MACAO – Chinese leader Xi Jinping met Thursday with Macao’s new chief executive amid celebrations of the 20th anniversary of the former Portuguese colony’s handover to Chinese rule.
City leaders put the tiny gambling enclave of just 632,000 people on a security lock down, including barring political activists and journalists from nearby Hong Kong, which has been wracked by months of often-violent anti-government protests.
Even without the heavy security, Xi would likely have seen little in the way of protests or calls for greater democracy or self-rule. Unlike Hong Kong, whose former British leaders nudged their colony gradually toward greater democratic freedoms, Macau’s small size, ineffectual rule by Lisbon and the overriding influence of the tycoons who control gambling and related businesses kept democratic expectations low.
And with the opening of the casino industry to new players and a massive influx of Chinese gamblers, Macao’s economy has boomed in the two decades since 1999. Organized crime groups who had battled each other on Macao’s streets and in its gambling halls have also been brought to heel, leading to a rise in tourism and a general sense among many that their fortunes have improved under Chinese rule.
That feeling of optimism is largely absent in Hong Kong, which reverted from British to Chinese rule in 1997 and where frustrations over a stagnant economy and astronomical housing prices helped fuel the protests that at times drew an estimated quarter of the population of 7.5 million people. Beijing’s refusal to respond to their demands, including direct elections for the chief executive and legislative council, has led to a 7-month standoff, with more protests expected for this weekend.
Both Macao and Hong Kong are run under a “one country, two systems” framework, which allows them to retain their own legal and economic systems, while Beijing exercises strict control over their political leadership. Macao also enacted national security legislation that has been stalled in Hong Kong by popular opposition.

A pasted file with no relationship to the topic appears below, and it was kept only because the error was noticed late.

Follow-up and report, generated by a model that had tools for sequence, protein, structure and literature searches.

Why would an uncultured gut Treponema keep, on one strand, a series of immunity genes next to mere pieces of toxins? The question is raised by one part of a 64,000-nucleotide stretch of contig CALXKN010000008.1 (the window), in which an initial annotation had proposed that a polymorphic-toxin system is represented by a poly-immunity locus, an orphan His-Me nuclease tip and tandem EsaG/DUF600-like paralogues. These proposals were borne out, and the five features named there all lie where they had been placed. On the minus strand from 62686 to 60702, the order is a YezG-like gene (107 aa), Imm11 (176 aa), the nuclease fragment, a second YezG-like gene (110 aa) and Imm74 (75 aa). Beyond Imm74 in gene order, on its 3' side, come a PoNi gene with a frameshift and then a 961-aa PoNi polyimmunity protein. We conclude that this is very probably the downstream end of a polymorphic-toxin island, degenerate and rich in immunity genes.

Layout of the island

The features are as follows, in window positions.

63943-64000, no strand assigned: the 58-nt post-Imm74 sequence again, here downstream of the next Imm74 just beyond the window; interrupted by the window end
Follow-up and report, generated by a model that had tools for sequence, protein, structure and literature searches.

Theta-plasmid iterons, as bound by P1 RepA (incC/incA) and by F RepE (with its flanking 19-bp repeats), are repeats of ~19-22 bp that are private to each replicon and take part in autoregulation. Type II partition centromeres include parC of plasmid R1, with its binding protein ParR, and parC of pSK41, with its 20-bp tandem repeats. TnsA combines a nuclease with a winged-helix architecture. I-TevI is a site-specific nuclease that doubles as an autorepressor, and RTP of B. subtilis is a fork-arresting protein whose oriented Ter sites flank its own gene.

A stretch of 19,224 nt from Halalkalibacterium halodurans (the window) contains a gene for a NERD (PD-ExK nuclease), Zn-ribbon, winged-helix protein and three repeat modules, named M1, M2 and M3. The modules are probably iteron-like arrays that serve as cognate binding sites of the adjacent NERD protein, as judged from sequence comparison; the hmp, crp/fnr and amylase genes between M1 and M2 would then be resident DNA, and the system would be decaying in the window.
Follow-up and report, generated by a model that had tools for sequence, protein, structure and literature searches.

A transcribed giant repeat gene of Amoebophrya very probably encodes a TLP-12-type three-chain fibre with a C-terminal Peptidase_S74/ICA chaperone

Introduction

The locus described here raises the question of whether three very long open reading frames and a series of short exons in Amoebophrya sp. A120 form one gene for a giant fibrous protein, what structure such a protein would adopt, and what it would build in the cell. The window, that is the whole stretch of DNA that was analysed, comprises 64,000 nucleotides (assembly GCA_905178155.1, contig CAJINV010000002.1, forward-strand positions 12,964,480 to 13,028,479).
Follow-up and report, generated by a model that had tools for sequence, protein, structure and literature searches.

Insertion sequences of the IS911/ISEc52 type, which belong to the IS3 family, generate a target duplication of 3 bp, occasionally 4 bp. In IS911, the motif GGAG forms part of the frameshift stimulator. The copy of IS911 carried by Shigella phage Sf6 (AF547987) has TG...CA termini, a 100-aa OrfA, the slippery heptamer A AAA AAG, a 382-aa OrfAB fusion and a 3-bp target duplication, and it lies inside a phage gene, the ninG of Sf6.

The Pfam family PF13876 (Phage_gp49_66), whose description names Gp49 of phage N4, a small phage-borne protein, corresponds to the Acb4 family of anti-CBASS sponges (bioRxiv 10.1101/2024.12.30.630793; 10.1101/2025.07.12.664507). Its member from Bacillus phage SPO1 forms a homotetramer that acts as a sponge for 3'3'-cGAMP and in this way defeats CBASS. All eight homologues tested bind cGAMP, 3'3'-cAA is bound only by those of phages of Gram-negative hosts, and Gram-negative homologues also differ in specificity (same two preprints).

Despite that, Xi told members of law enforcement Thursday that they needed to “increase awareness of nation ... and be highly vigilant."
The security forces must “resolutely guard against and crack down on any activities that endanger national security, challenge the power of the central government ... and use Macao to engage in infiltration into and sabotage against the mainland,” Xi said.
That partly echoes comments he made at the 20th anniversary of Hong Kong's handover in 2017, when he warned that Beijing would not tolerate the city being used to undermine Communist rule on the mainland. China has long claimed the protests this year were encouraged and supported by foreign forces, including the United States and Taiwan, as part of a campaign to impede China's development.
Along with meeting the incoming chief executive, Ho Iat Seng, Xi on Thursday visited a government services building and met with local residents and officials. On Friday, he will attend Ho's inauguration and a ceremony marking 20 years of Chinese rule.
In remarks at the airport upon his arrival Wednesday, Xi made what some considered a subtle comparison between Macao's outward stability and the tensions in Hong Kong.
"It is worthwhile to sum up the experience and characteristics of Macao in faithfully implementing ‘one country, two systems,’" Xi told an audience of journalists, officials and flower-waving children.
"We will join hands to draw the blueprint for Macao's future development," he said.